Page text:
After NAHBS last weekend I was tired, body and soul, and needed to get away from things for a bit before starting back into work at the shop. NAHBS turned out to be a great show. I hear it had record attendance. All I know is that I was busy talking with people almost continuously throughout the entire weekend.
Shortly after arriving back home, I threw my bike on the bus that heads out to the coast and got off at the International Hostel in Seaside. If you ever have the chance to stay at this hostel, it's a good one. The owner and head of the hostel is Trung, and she's the best. She's quick to laugh and curious and knowledgeable about local places to eat and points of interest, and she makes a delicious Vietnamese coffee. There are kayaks for rent, and if she's not too busy Trung may invite you to go on a hike in the hills or a walk on the beach.
Thursday was a rare day on the coast this time of year. The sun rose and promised a fogless, cloudless morning. The fat bike and I were on the beach by 8, and I was down to a t-shirt by 9. I can't even explain how much fun I had riding out to the sand. This was my first real experience on a fat tire bike, so I didn't know what to expect.
I started north on the road to cross the estuary that borders that side of town, and the river that contains the beach. Once across the bridge I turned immediately into the wetlands the river feeds. There were a couple of trails through, and then I hit the silt beds, a mixture of mud and sand that is washed in and out with each ebb and flow of the tides. The moon, for those of you who didn't notice, was huge and full the past couple of days. Hence some of the rest of the craziness in the world. Or, at least in my world. When I started into the silt beds the tide was way out.
I crossed a couple of small streams that were maybe as deep as my axle line, which got my disc brakes to scraping. A few taps on the brake levers and they quieted down. The muck of silt was nasty, but as I got closer to the beach it turned more to sand. What I was most pleased with at this point was that I was moving right through it. I wouldn't have wanted to put my foot down in it, but the bike was cruising right along. There was a sucking and slurping as the tires mashed through, but the soft silt was only about an inch deep. Below that was hard pack.
Out of the silt bed I headed into the dunes that back the beach. The sand is soft here. There were a couple of places that the wheel buried and I wasn't able to pedal, but for the most part I kept in a low gear and paddled on through. That's what it felt like, too: Paddling in the sand.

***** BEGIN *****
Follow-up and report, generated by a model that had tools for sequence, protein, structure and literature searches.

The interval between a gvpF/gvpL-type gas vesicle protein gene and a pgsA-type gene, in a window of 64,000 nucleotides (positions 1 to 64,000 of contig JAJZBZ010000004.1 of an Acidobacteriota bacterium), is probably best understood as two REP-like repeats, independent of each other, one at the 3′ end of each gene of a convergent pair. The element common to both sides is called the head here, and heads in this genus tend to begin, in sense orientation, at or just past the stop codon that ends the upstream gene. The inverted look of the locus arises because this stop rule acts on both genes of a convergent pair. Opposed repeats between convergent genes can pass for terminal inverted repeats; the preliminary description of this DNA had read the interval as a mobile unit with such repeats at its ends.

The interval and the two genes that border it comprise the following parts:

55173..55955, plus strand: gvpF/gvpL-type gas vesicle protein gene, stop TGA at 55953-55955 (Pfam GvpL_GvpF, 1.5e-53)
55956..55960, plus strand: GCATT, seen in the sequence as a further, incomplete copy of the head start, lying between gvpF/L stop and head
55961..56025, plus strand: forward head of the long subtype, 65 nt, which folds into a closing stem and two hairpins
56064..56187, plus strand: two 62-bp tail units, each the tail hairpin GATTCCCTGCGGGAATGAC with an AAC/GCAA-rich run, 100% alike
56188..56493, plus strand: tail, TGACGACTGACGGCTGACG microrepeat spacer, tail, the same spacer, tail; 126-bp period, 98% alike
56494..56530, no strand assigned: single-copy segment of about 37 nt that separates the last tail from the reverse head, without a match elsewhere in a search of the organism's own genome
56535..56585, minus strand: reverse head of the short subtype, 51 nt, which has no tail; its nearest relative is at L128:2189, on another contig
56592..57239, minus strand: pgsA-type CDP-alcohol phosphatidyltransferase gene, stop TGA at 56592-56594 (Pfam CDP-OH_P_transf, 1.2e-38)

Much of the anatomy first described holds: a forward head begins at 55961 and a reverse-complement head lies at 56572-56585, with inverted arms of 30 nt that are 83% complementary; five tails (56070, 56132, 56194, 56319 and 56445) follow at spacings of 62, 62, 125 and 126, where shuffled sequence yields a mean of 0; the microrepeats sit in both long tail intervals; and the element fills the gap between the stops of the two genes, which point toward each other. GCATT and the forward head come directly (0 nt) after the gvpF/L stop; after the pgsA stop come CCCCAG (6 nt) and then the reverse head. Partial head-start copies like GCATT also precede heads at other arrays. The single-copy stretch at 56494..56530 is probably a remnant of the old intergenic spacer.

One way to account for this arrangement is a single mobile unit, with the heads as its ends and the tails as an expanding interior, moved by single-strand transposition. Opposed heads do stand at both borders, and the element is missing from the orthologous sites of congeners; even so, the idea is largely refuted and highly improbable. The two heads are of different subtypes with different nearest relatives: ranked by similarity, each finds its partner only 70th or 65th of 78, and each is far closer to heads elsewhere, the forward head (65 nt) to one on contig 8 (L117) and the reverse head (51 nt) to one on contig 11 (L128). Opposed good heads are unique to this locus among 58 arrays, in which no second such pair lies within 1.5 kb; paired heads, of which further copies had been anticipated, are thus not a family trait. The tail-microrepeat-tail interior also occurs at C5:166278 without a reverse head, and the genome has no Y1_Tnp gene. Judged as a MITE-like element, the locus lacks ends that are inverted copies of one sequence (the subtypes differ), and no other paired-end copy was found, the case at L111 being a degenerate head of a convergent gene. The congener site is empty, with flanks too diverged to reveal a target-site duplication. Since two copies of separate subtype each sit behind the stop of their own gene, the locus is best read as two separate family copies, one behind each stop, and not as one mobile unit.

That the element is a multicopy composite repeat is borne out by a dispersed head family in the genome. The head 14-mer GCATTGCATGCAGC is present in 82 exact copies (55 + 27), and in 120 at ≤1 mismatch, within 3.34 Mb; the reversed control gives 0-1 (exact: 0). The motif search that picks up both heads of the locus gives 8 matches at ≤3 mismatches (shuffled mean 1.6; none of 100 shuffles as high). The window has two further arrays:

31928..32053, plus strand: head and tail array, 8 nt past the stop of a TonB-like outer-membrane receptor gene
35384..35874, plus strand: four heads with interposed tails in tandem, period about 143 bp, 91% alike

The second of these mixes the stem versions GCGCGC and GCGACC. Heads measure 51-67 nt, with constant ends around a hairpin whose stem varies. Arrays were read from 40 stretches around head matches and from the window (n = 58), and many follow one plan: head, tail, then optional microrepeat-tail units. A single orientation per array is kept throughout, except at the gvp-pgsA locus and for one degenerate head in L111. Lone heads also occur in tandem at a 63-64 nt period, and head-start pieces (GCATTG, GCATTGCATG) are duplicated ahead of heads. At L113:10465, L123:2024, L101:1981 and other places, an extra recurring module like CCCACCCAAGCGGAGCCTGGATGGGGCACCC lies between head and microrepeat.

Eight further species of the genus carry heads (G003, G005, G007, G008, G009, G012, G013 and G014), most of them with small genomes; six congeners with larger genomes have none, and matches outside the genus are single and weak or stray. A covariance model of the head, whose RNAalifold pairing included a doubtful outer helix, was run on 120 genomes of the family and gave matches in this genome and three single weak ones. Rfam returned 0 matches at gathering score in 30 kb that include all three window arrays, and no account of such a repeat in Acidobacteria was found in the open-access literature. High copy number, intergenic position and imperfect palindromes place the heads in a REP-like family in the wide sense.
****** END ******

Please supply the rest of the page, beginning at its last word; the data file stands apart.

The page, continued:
The sand churned under me and I moved right along. Not fast, but it's not about going fast. Winding around between the dune grasses and along the rim that's been pushed up by thousands of years of wind was, I don't know how to describe it, except for fun. I was riding a bike in a place that I'd never considered a possibility before. When that happens, all I can think about is, "what else can I do with this bike?"
Off the rim of the dunes I dropped down onto the beach. Here the riding was easy. The damp sand is a lot like hard-pack, and I was able to cruise along no hands for miles. A half-hour up the coast there were no more houses or buildings, and I really got the feeling that I was alone, out away from everything. I stopped and listened to the ocean and soaked up the sunshine.
I'm ready to do a coastal tour, meaning, riding down the beach. The fat bike I built has carrying capacity for panniers in the back and a dry bag up front. The lower racks on the fork can carry a tent and sleeping bag. There are enough towns along the coast that you wouldn't have to pack more than a couple days-worth of food or water at a time. And the riding is easy. The best thing, besides being continuously beside the ocean is, there are no cars, few people, and the only thing you hear are wind and waves, and the occasional gull.
This is my initial ride report for the fat bike. It was a preliminary run, not anything too intense. But my o my is it inspiring. It gives me the excitement of a little kid. Amazing how a bicycle can do that.
More ride reports to come. You better believe it. If there were ever a bicycle that Dr. Schrimble would enjoy, I'd say this would be it. And, well, you're probably going to need to get yourself one of these fat bikes. I'm just saying...